However, after the ceasefires the republican movement started a new blitzkrieg: a political one. The end of the IRA campaign should have been seen by unionists for what it was: the IRA’s admission of defeat. The error was to allow them to pull some sort of victory (at times looking like complete victory) from their defeat. In that of course the UUP were hindered by the British government’s refusal to let the IRA be humiliated and also Molyneaux’s inaction and Trimble’s lamentable series of failures.
Trimble had one line in the sand after another. Each was breached serially. Rather like the French and British in the Second World War Trimble set up his defences only for the shock troops of Sinn Fein to cut the line (with British government help) and leave him to fall back. Unionist confidence was smashed time and again. Similarly to France in 1940 or Russia in 1941 when a numerically inferior force inflicted a humiliating defeat on a once proud army. As an aside in the British case in 1940 an army was defeated which had comprehensively beaten the Germans in 1918 only to stop with the armistice (an American general bitterly objected and suggested that eventually they would have to come back and finish the job: Pershing I think and a very prescient comment in view of the next generation).
People often think of the blitzkrieg as unstoppable, even invincible. However, it has been stopped and defeated on several occasions. The secret as demonstrated by Fermanagh man Claude Auchinleck at the First Battle of El Alamein and most brilliantly by Georgy Zhukov at Kursk was Defence in Depth. This involves having multiple lines of defence which gradually weaken an enemy. In addition they narrow the front over which the attacker pushes forward and leaves his flanks vulnerable.
The DUP seem to have managed this tactic very effectively: They have narrowed SF’s attack to P&J alone and keep hurling up one defence after another. Republican morale has been steadily eroded and they have become progressively more remote from their support base which has become disenchanted by the poor progress and the end of any hope of the 2016 dream of a united Ireland.
The appearance of the TUV and now Irisgate have, however, demonstrated a weakness in the DUP. So hard have republicans pushed the DUP that like at Kursk the defences have come close to being breached. The possibility of an understanding between the DUP and UUP may shore up that defence and allow the DUP to hold the line: something all unionists should welcome. It should be welcomed because no one should be so naïve as to think that if P&J is devolved, after the DUP defended it for so long, it would do anything other than damage unionist confidence: unless the concessions republicans made were truly momentous (such as voluntary coalition). In addition if P&J is devolved the republican attack will switch to other issues and eventually the defence in depth tactic will be overwhelmed.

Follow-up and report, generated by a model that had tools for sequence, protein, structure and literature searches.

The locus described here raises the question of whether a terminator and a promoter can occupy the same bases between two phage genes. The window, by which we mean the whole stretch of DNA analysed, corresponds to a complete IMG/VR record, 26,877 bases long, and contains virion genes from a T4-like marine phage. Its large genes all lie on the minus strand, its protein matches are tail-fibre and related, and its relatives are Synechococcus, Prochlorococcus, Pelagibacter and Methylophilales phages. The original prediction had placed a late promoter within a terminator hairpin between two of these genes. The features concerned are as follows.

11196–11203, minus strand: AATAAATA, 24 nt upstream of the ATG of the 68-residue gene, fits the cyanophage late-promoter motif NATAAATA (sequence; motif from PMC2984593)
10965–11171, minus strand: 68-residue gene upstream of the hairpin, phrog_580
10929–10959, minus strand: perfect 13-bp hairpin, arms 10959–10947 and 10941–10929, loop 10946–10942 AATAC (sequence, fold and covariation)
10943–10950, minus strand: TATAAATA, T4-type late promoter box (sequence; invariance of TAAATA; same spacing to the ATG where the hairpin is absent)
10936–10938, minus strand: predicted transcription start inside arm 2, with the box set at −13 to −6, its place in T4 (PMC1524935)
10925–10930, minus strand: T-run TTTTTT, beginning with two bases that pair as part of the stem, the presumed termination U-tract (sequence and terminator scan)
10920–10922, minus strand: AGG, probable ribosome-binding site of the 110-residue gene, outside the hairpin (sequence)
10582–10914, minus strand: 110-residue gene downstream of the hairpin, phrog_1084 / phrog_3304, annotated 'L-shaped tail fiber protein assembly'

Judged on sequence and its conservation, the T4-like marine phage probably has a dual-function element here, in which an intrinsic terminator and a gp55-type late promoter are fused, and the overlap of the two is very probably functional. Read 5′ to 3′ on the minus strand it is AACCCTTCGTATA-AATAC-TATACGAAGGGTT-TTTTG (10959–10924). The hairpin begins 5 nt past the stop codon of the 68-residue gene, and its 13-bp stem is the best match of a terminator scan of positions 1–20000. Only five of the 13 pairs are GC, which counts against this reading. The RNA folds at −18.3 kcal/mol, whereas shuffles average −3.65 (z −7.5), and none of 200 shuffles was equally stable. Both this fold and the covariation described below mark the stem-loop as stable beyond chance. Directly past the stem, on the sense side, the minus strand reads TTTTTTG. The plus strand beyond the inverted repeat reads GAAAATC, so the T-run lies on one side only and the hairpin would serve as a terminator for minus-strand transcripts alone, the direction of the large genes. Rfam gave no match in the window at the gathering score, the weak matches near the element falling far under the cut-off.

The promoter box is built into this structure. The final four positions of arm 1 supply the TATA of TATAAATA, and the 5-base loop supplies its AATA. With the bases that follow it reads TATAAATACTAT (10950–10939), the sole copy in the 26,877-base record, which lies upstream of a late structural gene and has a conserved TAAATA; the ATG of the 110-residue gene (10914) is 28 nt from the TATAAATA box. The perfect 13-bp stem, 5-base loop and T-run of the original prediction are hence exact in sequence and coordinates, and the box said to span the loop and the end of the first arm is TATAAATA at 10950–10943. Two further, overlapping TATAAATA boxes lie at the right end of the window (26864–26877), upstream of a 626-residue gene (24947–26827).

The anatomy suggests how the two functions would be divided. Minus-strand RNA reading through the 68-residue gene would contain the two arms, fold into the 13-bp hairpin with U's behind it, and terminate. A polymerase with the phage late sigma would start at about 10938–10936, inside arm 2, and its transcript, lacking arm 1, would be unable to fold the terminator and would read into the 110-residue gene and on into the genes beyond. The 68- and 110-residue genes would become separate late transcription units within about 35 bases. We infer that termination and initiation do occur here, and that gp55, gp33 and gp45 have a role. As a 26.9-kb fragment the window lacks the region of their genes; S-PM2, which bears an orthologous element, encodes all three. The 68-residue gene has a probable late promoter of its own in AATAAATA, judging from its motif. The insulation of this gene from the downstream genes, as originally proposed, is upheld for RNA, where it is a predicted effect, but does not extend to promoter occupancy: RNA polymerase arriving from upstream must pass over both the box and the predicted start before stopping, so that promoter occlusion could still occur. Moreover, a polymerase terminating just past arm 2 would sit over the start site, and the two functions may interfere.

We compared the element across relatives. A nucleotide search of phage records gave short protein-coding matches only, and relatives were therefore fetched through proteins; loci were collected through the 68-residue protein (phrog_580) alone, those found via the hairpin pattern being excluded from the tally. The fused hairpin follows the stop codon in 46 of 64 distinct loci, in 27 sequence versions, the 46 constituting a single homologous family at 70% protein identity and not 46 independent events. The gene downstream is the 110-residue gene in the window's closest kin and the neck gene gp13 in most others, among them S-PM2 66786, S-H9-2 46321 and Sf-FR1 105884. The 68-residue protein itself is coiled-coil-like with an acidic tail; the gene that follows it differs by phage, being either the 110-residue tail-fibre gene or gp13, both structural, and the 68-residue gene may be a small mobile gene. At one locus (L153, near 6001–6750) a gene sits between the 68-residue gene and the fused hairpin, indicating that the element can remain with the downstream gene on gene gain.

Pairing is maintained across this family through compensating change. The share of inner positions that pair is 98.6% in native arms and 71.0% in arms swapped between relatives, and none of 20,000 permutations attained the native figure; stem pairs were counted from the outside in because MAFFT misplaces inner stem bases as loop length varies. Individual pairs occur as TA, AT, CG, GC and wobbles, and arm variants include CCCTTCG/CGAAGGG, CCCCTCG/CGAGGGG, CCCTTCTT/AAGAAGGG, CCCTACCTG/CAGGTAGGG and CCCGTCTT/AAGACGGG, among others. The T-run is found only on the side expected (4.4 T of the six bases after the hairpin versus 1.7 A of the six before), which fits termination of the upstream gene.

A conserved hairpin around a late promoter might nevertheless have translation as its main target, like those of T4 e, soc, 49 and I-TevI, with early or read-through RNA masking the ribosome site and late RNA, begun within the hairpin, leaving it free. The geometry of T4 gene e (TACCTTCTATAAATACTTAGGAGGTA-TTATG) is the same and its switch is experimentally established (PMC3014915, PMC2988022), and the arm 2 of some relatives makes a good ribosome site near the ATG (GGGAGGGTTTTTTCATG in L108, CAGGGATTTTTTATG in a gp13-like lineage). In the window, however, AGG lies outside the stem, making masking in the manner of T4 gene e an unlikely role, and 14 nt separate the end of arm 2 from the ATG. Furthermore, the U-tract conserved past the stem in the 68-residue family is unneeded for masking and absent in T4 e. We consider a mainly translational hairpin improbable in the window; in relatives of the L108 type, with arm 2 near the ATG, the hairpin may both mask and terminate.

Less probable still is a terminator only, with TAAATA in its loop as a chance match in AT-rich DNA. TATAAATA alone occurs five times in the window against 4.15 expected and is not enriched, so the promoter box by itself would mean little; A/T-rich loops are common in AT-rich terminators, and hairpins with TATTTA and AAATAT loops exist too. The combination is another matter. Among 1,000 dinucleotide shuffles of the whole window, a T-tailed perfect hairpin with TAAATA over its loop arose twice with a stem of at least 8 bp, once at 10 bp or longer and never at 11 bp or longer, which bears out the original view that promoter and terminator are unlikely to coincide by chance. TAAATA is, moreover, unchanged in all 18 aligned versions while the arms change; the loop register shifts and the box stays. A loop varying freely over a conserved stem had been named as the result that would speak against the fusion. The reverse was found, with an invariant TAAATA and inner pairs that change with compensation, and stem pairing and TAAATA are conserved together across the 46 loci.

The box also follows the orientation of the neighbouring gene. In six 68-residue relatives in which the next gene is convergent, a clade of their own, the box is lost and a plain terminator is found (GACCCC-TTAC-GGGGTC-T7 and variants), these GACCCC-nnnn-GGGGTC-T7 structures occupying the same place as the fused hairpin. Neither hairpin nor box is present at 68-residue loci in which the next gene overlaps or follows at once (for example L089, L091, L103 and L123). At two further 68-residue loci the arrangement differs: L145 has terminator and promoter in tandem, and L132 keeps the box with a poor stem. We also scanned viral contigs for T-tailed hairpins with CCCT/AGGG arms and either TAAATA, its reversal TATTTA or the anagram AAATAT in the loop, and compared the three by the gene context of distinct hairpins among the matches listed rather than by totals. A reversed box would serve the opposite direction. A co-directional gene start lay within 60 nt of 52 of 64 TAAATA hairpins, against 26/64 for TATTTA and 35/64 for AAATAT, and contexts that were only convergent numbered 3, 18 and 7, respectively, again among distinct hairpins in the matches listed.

However, defence in depth is not the only important tactic: it is after all a defence and unionism should seek to move forwards. If the line can be held, then the next step must be to move forwards and fall upon the exposed political flanks of republicanism. These flanks include their utter ineptitude in government; their refusal to divorce themselves from terrorism as evidenced by their objection to arrest of South Armagh tax dodgers, failure to give adequate support to the rule of law in relation to the Quinn and McCartney murders etc.; refusal to consider anything other than a bizarre ideological attack on education.
The aim of the counter attack must be to return Northern Ireland to a sensible system of government: not simple majority rule; rather an equitable and fair system of weighted majorities with government and opposition and the ability to change the parties of government. The UUP and DUP, whilst theoretically signed up to such a long term aim seem reluctant to push this issue and defence in depth should be the prelude to attack. Sooner or later if unionism is to advance towards its longer term goals it must stop defence and begin this attack. If the TUV are to be the shock troops (or Penal Battalion) of this counter attack then so be it.